Some debates here:
I absolutely believe our health is tied into our food choices. It is influenced not only by what foods, but the quantity and quality of our food choices. When a person eats healthy their eyes shine bright, their hair is healthy, their weight is reasonable, they glow with vitality.
I think shooting for your 80’s is too young. I have had the pleasure of knowing those that are 100, 103, even 106! Taking good care of yourself now will give you an extra 10-20 years of life! It also keeps you younger, longer. A few years back a man ran the Boston marathon at 100 years old. Don’t limit yourself. Dream as if your going to live forever, but live like your going to die tomorrow.
Of course! The older generations on both sides of my family are all in their 80s and 90s, and my great grandmother reached 105. I had a great uncle who lived to almost 100 and he wore a three piece suit and hat every day of his life until the end. He lived on his own with minimal assistance, just family members dropping by every once in a while to keep him company.
I think it has a lot to do with the food. Most of the family I mentioned live in a small town where they still go to an actual butcher and know the guy who raised the cows, free of most of the junk that is pumped into animals most other places. Seems to me that the more commercialized food gets, the more we lean towards agribusiness instead of agriculture, the more unhealthy we will be.
One of my relatives will be 90 this summer; she fell a few months ago and broke her femur. Of course she had excellent medical care and tremendous family support, but she is walking today, (up and down stairs), without a wheelchair, walker or cane, and she does not have a limp. Amazing! Her lifelong diet has been balanced and she walked everyday.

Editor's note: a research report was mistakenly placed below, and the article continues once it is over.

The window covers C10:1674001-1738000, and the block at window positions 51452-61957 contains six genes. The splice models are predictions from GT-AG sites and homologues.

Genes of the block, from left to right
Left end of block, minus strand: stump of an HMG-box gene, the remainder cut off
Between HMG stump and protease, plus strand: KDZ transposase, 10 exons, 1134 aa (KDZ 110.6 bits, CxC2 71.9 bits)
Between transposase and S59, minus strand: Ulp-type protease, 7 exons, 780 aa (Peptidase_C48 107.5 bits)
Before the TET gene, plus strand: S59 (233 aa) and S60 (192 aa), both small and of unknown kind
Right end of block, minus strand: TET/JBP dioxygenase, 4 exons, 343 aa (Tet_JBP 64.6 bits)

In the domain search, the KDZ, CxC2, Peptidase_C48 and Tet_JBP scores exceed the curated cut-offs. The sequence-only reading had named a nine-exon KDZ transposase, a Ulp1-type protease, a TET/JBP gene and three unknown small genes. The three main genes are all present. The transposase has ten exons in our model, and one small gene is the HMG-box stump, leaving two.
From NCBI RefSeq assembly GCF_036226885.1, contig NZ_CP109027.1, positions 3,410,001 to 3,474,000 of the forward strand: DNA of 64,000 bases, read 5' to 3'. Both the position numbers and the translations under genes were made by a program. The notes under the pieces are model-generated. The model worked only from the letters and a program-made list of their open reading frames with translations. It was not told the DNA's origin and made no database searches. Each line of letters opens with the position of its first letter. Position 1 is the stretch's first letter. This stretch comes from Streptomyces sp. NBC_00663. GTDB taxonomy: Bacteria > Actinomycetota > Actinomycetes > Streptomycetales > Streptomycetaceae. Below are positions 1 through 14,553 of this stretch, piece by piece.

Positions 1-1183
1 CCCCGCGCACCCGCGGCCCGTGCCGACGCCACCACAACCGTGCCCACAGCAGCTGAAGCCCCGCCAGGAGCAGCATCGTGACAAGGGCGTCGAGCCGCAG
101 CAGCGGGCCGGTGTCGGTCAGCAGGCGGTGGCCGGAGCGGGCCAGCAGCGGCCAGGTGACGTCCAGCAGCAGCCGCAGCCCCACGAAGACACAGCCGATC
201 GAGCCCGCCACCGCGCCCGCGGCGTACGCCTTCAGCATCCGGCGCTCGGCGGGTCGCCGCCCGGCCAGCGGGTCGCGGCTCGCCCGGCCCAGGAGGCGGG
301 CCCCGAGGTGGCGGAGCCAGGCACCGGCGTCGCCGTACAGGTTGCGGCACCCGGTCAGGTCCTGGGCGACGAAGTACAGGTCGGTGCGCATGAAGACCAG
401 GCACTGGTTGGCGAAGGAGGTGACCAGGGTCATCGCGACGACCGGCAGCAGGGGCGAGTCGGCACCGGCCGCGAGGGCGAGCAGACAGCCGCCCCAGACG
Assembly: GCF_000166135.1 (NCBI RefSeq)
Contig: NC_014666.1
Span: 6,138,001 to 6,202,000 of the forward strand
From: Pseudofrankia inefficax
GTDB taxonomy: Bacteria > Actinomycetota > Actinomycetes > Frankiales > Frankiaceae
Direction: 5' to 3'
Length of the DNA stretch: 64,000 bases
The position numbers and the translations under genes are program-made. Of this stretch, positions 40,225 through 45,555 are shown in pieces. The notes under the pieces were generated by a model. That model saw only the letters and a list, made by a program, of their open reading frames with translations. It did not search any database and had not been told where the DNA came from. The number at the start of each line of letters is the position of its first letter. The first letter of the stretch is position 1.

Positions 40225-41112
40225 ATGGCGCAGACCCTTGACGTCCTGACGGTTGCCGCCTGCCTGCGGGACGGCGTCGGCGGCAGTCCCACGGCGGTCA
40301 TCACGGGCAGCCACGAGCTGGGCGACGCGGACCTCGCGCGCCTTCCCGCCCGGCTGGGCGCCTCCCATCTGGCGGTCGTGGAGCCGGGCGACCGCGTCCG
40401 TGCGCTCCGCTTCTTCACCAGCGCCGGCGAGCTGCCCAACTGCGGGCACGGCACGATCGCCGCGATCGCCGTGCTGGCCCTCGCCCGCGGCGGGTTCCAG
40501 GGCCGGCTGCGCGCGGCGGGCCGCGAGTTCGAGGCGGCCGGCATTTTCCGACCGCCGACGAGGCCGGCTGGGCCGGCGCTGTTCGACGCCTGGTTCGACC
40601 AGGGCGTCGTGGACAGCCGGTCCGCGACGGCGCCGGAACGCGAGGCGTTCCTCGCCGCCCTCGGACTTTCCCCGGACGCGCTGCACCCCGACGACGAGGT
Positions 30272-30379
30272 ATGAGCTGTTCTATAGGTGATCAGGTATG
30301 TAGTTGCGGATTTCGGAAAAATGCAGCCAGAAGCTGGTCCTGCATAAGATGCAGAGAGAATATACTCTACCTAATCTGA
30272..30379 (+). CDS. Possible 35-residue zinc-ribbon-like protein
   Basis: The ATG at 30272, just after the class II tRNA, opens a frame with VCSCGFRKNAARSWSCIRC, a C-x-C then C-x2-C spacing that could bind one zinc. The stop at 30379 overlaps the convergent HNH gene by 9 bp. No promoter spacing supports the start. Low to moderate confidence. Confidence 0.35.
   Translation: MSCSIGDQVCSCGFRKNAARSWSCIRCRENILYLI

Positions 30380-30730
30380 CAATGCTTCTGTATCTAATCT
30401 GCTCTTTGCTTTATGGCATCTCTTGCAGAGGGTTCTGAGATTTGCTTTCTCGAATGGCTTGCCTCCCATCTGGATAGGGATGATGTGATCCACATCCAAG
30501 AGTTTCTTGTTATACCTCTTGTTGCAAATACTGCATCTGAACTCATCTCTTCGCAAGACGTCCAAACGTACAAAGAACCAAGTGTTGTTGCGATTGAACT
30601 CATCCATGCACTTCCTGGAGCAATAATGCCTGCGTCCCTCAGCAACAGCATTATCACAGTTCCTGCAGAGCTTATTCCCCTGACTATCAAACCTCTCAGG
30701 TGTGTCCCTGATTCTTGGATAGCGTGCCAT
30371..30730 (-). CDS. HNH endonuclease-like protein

I firmly believe that diet and exercise are fountains of youth. I try to eat a balanced diet and exercise daily. I think what we don’t eat contributes more to our health and longevity, i.e., foods loaded with sodium, sugar, saturated fats, partially hydrogenated oils, and high fructose corn syrup.
We all know people who smoked, drank, and live to be 95. We also know people who live a “healthful” life and die young of a heart attack. These are anecdotal stories that should not be applied too liberally to the population at large. It sure seems reasonable that too much alcohol and tobacco will shorten your life, no matter how long it would have been otherwise. If some foods or spices are shown through scientific study to reduce blood pressure or cholesterol, or to contain antioxidants for example, it seems equally reasonable that they may extend life, no matter how long it would be otherwise. I’m going to take the middle road: reduce alcohol and fat, and increase “healthy” food. Maybe I’ll throw in some exercise too!